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The most damning indictment of rhetoric comes when Aristotle takes up the enthymeme near the end of Book II of the Rhetoric. He begins by repeating his explanation that an enthymeme is "a kind of syllogism"; then he continues the explanation by showing that a rhetorical argument cannot extend too far back toward original premises, "nor should it include all the steps of the argument." (Aristotle 1991) Indeed, the reason why "the ignorant" are often more persuasive in rhetorical settings than the educated is that they know better than to engage in the sort of inquiry characterized by dialectic (Aristotle 1991). If one juxtaposes the goals of demonstration, dialectic, and rhetoric, the descent is clear. Demonstration must lead to ‘truth as opposed to lie’. (Short 1989) Demonstration has a divine quality about it in that it puts a matter outside human hands, outside the reach of opinion or persuasion. Its lure is profound, especially in the classroom where the attraction of truth, correctness, ironclad learnability, and certainty beckon with such power. Dialectic leads only to something, which researchers render as "a notion, true or false," an expectation, a mere opinion or conjecture, an imagination, a supposition, or even a fancy. (Short 1989) Demonstrative knowledge is the sort that physics, mathematics, and the pure sciences have always sought. The truth of the inquiry lies in the thing being studied, not in the person studying it. Any hypothesis can be proved true or false -- absolutely, if the research is available. With dialectic, the location of truth moves from the object studied to the person making the study, focusing attention, in Grimaldi's words, on "an area of reality which is at a level definitely below Plato's world of forms and Aristotle's metaphysics" (Ryan 1984). The dialectician moves toward opinion, knowing all along that absolute opinion is self-contradictory, but nevertheless being as careful as possible to construct and defend true and reliable opinion. The location of dialectic is both the curse and the blessing of the traditional humanities: the curse because the humanities can never compete with the pure sciences in the creation of "knowledge" the blessing because the humanities retain the role of critical, evaluative thinking that can at least claim the right to judge the absolute results of science. Rhetoric can never offer more than logic, and another, equally important metaphysical downshift occurs. Thus with the move to rhetoric, the location of truth changes once again, this time to the perceived believability of the speaker. In demonstration, truth exists absolutely in the thing being studied. In dialectic, truth exists within the rigor of the argument itself. In rhetoric, truth exists in the strategies necessary to persuade a simple audience. (Gaines 1996) Both Thomas Cole and Edward Schiappa have argued recently that Plato and Aristotle created the term rhetoric as a backward and backhanded way of degrading their opponents, from Isocrates back to Protagoras. "Whenever the conclusions to which philosophy leads must be made acceptable to those whose philosophical attainments are one-sided or imperfect or nonexistent," Cole explains, "or when true opinion is sought as a goal rather than the logos that is able to give account of itself, or when the likeness of truth is to be presented as a substitute for truth itself, rhetoric is necessary -- so necessary that, had it not existed already, Plato and Aristotle would surely have had to invent it," which, Cole goes on to say in the next paragraph, "they effectively did" (Ryan 1984). By the time Aristotle left Athens in 323, Schiappa continues the argument, he had completed the conceptual and terminological separation of philosophy and rhetoric (Ryan 1984). Such a separation necessarily degrades rhetoric. Each time Aristotle sets up a hierarchical system, he puts rhetoric at the bottom, where none but the weak-minded and poorly trained ever venture. Those who are eager to argue that Aristotle conceives rhetoric as necessary should remember that he also considered slavery necessary. Within the Aristotelian system, rhetoric serves the necessary function of being the thing excluded so that knowledge can know itself by having something to be better than and different from. As Aristotle puts together the moves that will finally enthrone philosophy as the supreme human endeavor, he separates knowledge into two kinds, theoretic and practical: "philosophy is rightly called a knowledge of Truth. The object of theoretic knowledge is truth, while that of practical knowledge is action; for even when they are investigating how a thing is so, practical men study not the eternal principle but the relative and immediate application" ().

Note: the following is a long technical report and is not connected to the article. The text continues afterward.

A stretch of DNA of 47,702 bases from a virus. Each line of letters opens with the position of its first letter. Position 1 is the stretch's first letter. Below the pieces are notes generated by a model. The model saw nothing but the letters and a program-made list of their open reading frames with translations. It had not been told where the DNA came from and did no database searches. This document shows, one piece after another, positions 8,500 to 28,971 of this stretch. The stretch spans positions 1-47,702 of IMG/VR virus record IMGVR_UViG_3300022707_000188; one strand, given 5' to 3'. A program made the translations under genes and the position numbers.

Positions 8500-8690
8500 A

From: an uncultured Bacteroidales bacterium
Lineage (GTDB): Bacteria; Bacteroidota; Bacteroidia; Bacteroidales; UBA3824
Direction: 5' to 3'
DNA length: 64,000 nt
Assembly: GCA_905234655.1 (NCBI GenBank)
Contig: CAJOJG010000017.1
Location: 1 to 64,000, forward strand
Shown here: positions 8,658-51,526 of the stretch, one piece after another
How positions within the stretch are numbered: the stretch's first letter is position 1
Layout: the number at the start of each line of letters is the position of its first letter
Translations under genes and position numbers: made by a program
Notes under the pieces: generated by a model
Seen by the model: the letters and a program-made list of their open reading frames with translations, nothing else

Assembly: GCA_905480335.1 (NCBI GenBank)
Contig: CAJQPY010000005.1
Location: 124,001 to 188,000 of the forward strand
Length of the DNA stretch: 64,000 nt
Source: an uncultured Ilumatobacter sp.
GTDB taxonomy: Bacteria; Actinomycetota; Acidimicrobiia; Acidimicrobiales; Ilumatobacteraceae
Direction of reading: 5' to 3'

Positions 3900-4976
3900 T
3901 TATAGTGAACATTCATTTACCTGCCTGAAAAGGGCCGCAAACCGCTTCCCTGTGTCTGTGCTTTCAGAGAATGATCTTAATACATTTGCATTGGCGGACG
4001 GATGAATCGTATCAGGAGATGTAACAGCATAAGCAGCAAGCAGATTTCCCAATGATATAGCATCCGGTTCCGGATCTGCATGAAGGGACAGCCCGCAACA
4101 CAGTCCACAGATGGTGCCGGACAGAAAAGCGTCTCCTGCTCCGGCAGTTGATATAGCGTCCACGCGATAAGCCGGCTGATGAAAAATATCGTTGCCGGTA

40 Of course his hierarchy is obvious. Theoretical science is the most noble and desirable because it deals with causes and principles. And theology, the study of Being qua Being, is the Supreme Science: "The speculative sciences...are to be preferred to the other sciences, and 'theology' to the other speculative sciences" (Ryan 1984). Aristotle complicates this grid when he turns to psychology to try to locate the place where demonstration, dialectic, and rhetoric occur. He begins by dividing the soul into its rational and irrational halves, and then he divides the rational half into two halves, "one whereby we contemplate those things whose first principles are invariable, and one whereby we contemplate those things which admit of variation." (Ryan 1984) Aristotle names the first the "Scientific Faculty", the second the "Calculative Faculty". Aristotle takes up the five ways in which the rational soul operates: art, science, prudence, wisdom, and intelligence (Ryan 1984). It is, however, fair (and not very controversial) to argue that Aristotle goes on to repeat the tripartite division he makes in the Metaphysics by again dividing intellectual inquiry into the scientific, the productive, and the practical. As one would expect, the most elevated of the modes of inquiry is science, which studies eternal objects through demonstrative reasoning leading to certain conclusions. Beneath science come the actions of the practical and productive intellects. These two actions are different and somewhat antithetical, with neither being part of the other. As their names imply, one focuses on the product, the other on the process of doing. The productive intellect, according to Aristotle, is art, and "art is the same thing as a rational quality, concerned with making, that reasons truly." (Garver 1986) The practical intellect, on the other hand, is not the same as Science. Nor can it be the same as Art. It is not Science, because matters of conduct admit of variation; and not Art, because doing and making are generically different.... It remains therefore that it is a truth-attaining rational quality, concerned with action in relation to things that are good and bad for human beings. (Ryan 1984) In distinguishing art from prudence, Aristotle offers a splendid example: we can speak of excellence in art but not of excellence in prudence. The self-evident reason is that one can be an artist without being an especially good artist, but one cannot be prudent without being good at prudence for a person poor in prudence is ipso facto not prudent